electronic Medical Device Reports: 3 Reasons Med Device Manufacturers Should Go Electronic Now

electronic Medical Device Reports: 3 Reasons Med Device Manufacturers Should Go Electronic Now

Adonna Blasko, Marketing Manager, Pilgrim Quality Solutions

We’ve already covered the impact of recent eMDR regulation updates on the industry (the overall benefits for patients and the health care community as a whole) in a previous post. Now let’s take a closer look at why medical device manufacturers may not want to delay their transition to electronic medical device reporting. August of 2015 may seem far away to some, but manufacturers should get moving now to realize these benefits of eMDR sooner:

1. Meet deadlines and reduce risk of FDA fines.

When submitting electronic Medical Device Reports, there are no delays associated with mailing or overnighting MedWatch reports. This process happens more quickly, with a receipt typically sent within a few hours to let you know the file has been received (acknowledgement 1). In fact, all three acknowledgements should be received within a short window (typically within 24 hours). If a med device manufacturer were to submit on day three for a 5-day MedWatch report, they would still have time to resubmit their report if the content is rejected as invalid on the third acknowledgement. Further, the time savings can be reallocated to respond more quickly to any FDA requests for information that was not included in the initial MedWatch report. This adds up to a reduced risk of missing any reporting deadlines, even if a follow-up action is required from one of your eMDRs.

2. Cut costs associated with managing paper MedWatch forms.

eMDR submissions eliminate the high costs of physically sending files to the FDA. This eradicates expenses associated with creating and shipping reports and gives you speedy access to your acknowledgement files. Therefore, med device manufacturers will no longer need to maintain the resources to anticipate and manage paper acknowledgements for their required follow-up action(s).

3. Mistake-proof adverse event reporting.

Manufacturers need to pass their adverse event data to the FDA’s CDRH quickly and efficiently to remain in compliance. By handling the process electronically, CDRH systems can automatically validate the format and completeness of the eMDR XML file. Without the electronic process, potential errors take longer to discover, which factors into the timeline of your regulatory reporting deadlines. Your goal should always be to have everything correct the first time, and an electronic process helps meet this goal by reducing the risk of human errors, such as mis-keying data or entering data in the wrong data field of the MedWatch form.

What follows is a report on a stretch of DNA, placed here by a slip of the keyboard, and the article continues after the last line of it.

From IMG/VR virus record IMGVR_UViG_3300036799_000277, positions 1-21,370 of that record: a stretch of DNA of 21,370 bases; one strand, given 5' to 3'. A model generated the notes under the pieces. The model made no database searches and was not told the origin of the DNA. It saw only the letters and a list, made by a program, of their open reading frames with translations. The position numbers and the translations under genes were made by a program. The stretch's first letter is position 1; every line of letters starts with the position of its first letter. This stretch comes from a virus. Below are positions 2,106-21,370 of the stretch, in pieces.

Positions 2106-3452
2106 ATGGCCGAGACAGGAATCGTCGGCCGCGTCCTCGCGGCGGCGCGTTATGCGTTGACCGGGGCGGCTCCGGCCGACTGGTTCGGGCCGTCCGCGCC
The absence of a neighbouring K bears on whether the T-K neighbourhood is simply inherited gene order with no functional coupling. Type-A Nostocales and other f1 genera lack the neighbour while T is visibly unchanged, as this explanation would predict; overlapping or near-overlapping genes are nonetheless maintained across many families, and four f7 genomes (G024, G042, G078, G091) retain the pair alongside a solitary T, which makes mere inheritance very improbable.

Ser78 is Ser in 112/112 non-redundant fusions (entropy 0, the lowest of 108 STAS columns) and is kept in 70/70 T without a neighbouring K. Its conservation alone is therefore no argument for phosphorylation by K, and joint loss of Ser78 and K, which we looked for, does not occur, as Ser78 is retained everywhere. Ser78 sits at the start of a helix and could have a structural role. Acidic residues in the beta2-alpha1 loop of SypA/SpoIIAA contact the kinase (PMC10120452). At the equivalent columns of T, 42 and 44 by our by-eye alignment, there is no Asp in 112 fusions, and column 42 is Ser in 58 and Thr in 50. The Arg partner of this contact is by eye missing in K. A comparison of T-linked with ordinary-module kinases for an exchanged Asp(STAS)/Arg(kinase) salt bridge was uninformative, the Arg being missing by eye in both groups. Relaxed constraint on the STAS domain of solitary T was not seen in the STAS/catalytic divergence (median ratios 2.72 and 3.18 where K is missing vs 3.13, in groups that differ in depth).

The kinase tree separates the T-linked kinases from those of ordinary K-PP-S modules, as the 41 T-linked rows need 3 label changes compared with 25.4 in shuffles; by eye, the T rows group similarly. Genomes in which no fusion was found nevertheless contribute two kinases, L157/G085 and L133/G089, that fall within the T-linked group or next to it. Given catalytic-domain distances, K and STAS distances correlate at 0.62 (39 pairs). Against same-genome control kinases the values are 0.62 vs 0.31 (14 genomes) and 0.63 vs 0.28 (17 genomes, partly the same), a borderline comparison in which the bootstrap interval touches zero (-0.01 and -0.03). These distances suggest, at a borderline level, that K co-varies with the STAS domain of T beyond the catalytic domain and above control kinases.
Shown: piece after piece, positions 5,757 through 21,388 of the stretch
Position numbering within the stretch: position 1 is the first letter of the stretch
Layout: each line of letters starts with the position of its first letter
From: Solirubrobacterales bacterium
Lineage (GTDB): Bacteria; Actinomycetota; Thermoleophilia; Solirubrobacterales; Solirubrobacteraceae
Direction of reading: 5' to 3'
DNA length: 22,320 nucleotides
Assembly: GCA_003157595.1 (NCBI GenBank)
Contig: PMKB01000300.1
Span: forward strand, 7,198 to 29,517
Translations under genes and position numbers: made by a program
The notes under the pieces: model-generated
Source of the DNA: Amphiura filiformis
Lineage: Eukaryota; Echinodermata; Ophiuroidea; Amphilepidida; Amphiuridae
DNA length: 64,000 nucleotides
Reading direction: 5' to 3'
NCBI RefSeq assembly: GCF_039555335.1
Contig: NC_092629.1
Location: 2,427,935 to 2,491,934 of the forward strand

A Streamlined eMDR Process with Complaint Management

For manufacturers, leveraging automation and the benefits of a sophisticated complaint management system helps to further validate the reported adverse event details before they reach the FDA. A complaint management solution can cross-reference CDRH codes to mistake-proof the eMDR file content beforehand. With such a solution in place, a medical device manufacturer can have its adverse event data (content) validated, automatically create the eMDR file in the correct FDA-compliant format, and pass it over to CDRH where the file (format) will be validated once it successfully loads into the database.

The Future of eMDR

August of 2015 may still be a year away, but the reality is that more than 70% of adverse events are already being reported electronically. This significant progress toward 100% electronic Medical Device Report submissions is likely due to the benefits of eliminating the costs and delays of paper processes, and the need for organizations to streamline their processes to meet regulations and focus on other critical business areas. The future brings a more cohesive system for the FDA, unifying formats and reporting data among various FDA centers, including CDER, CBER, and CDRH. With quicker access to adverse event data, the FDA can better achieve its goals to track and identify events in order to improve patient safety. Additionally, the FDA is working toward retiring its MAUDE (Manufacturer and User Facility Device Experience) database for MedWatch reports in favor of a system that better meets the needs of its multiple centers.

Please stay tuned to the Pilgrim blog for more on eMDR, complaint management, and other related topics.


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Adonna Blasko

Marketing Manager, Pilgrim Quality Solutions